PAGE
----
Dr. Andy

Reflections on medicine and biology among other things

Monday, June 06, 2005

Vaccine for hemorrhagic fevers

This article (probably only free for subscribers but NYTimes article here) reports the development of vaccines for both Marburg and Ebola viruses, which are closely related members of the filovirus family.

The researchers used another, minimally pathogenic, virus that generally doesn't infect humnas, called vesicular stomatitis virus. They then used genetic engineering so the vaccine viruses would express a protein from the outer coat of either Marburg or Ebola. They vaccinated 6 cynomolgus monkeys with each vaccine, and then challenged 4 of 6 with high doses of the virus they should be protected against (Ebola for the Ebola immunized and vice versa) and used the other 2 as a control group, challenging them with the virus they were not vaccinated against (Marburg for the Ebola group and vice versa).

All the monkeys tolerated immunization without obvious symptoms and no live vaccine virus was detected in swabs from various monkey surfaces and orifices. Live vaccine virus was detected in the blood of monkeys, which was expected since the idea was that the vaccine virus would cause an infection and thereby generate a vigorous immune response

All 8 monkeys challenged with the wild-type filovirus (Ebola or Marburg) they had been vaccinated with were protected from infection (didn't have virus in the blood, get sick or die), but the four that were challenged with the other virus died with high levels of virus in their blood. While numbers are small (monkeys are near prohibitively expensive to do research on) the results are impressive.

As a further experiment, the investigators challenged the four monkeys who had been vaccinated against Ebola and survived Ebola infection with another Ebola strain. Unfortunately only one of four monkeys survived, indicating the vaccine is pretty specific for the strain chosen. An ideal vaccine would probably express proteins from several Ebola strains and Marburg to give protectin against all of these with one vaccination.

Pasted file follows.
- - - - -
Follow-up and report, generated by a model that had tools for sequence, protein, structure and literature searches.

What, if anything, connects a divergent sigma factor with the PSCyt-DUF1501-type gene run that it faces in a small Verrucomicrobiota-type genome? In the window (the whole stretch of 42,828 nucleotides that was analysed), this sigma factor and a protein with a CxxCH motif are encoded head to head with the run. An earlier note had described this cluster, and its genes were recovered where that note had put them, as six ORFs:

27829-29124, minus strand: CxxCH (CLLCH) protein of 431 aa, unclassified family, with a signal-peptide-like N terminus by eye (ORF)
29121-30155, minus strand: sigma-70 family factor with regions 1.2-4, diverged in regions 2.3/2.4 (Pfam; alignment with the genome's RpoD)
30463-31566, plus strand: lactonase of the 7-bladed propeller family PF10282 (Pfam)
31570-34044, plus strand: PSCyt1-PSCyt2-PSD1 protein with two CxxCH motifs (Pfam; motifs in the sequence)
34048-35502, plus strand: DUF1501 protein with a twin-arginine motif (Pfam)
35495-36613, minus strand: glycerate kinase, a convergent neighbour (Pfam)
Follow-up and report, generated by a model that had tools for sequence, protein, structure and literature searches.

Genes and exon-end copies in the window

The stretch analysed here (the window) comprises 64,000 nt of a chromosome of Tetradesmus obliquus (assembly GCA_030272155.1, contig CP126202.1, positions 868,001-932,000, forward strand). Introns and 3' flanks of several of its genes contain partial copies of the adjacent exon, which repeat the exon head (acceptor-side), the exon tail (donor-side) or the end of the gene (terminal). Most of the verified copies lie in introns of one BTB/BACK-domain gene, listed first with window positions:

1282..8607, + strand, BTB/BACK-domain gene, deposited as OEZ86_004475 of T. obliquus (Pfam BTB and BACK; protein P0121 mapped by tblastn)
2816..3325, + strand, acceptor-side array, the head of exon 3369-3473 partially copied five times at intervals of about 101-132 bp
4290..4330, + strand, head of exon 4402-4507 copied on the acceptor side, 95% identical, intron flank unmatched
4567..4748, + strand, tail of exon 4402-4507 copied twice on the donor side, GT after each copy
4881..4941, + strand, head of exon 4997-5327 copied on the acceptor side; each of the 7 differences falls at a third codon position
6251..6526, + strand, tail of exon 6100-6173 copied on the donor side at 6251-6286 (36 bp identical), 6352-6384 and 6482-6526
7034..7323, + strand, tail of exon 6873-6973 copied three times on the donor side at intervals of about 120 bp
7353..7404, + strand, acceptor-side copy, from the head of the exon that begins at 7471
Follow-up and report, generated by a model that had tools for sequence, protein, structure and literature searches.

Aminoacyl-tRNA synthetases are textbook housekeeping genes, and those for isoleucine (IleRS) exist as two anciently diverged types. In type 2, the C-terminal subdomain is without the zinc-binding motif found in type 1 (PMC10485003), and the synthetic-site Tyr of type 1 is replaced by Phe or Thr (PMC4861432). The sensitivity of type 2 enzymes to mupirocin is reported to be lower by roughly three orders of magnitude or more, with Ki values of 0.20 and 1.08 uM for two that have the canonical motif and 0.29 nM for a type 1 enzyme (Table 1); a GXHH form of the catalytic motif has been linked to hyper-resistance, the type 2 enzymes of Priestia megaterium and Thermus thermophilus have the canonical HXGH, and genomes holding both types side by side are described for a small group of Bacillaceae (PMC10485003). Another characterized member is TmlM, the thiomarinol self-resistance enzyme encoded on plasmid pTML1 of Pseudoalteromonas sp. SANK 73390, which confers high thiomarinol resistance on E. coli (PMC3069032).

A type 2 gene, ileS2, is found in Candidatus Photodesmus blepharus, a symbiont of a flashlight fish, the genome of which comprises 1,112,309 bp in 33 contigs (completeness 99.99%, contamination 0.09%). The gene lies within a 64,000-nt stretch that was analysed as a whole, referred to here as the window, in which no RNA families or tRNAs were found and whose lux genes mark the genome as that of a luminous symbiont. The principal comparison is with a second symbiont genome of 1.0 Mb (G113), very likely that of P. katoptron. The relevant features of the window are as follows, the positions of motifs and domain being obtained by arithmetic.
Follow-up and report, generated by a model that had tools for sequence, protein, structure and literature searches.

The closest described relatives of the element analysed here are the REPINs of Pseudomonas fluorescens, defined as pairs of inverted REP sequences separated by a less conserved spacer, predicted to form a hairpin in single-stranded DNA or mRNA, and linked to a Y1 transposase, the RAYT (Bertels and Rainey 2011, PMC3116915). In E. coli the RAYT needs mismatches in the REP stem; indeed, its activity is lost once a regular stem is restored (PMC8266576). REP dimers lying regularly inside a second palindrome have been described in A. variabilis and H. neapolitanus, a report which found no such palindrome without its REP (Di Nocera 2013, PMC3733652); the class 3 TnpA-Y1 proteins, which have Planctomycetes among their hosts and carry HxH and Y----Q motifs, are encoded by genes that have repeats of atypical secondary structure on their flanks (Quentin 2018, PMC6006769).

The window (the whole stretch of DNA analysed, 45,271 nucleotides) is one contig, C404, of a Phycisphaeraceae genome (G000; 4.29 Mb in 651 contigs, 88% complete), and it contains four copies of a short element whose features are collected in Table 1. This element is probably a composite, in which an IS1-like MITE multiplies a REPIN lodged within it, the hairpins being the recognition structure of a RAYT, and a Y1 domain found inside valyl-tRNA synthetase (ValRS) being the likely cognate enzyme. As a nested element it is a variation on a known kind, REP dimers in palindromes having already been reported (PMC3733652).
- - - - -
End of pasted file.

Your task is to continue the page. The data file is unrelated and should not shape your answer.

One interesting point about this experimennt is how the vector virus (the one which is used to express the Ebola or Marburgh protein) is chosen. The immune system reacts much more strongly to a true infection that to just injecting proteins into the body. An ideal vector virus would establish infection but not cause significant symptoms or be easily spread to others, all properties possesed by VSV. Additionally, the exposure of the human population to the virus should be low, otherwise many people will have already be infected and vaccination will not lead to productive infection nor a good immune response. This is one problem with adenovirus which is commonly used in similar trials. While minimally pathogenic, VSV infection rates naturally in humans are quite low, at least according to this article.

This vaccine, while still some time from human use, might be particularly useful for vaccinating people in areas of an outbreak, especially those with known exposure and health care workers.


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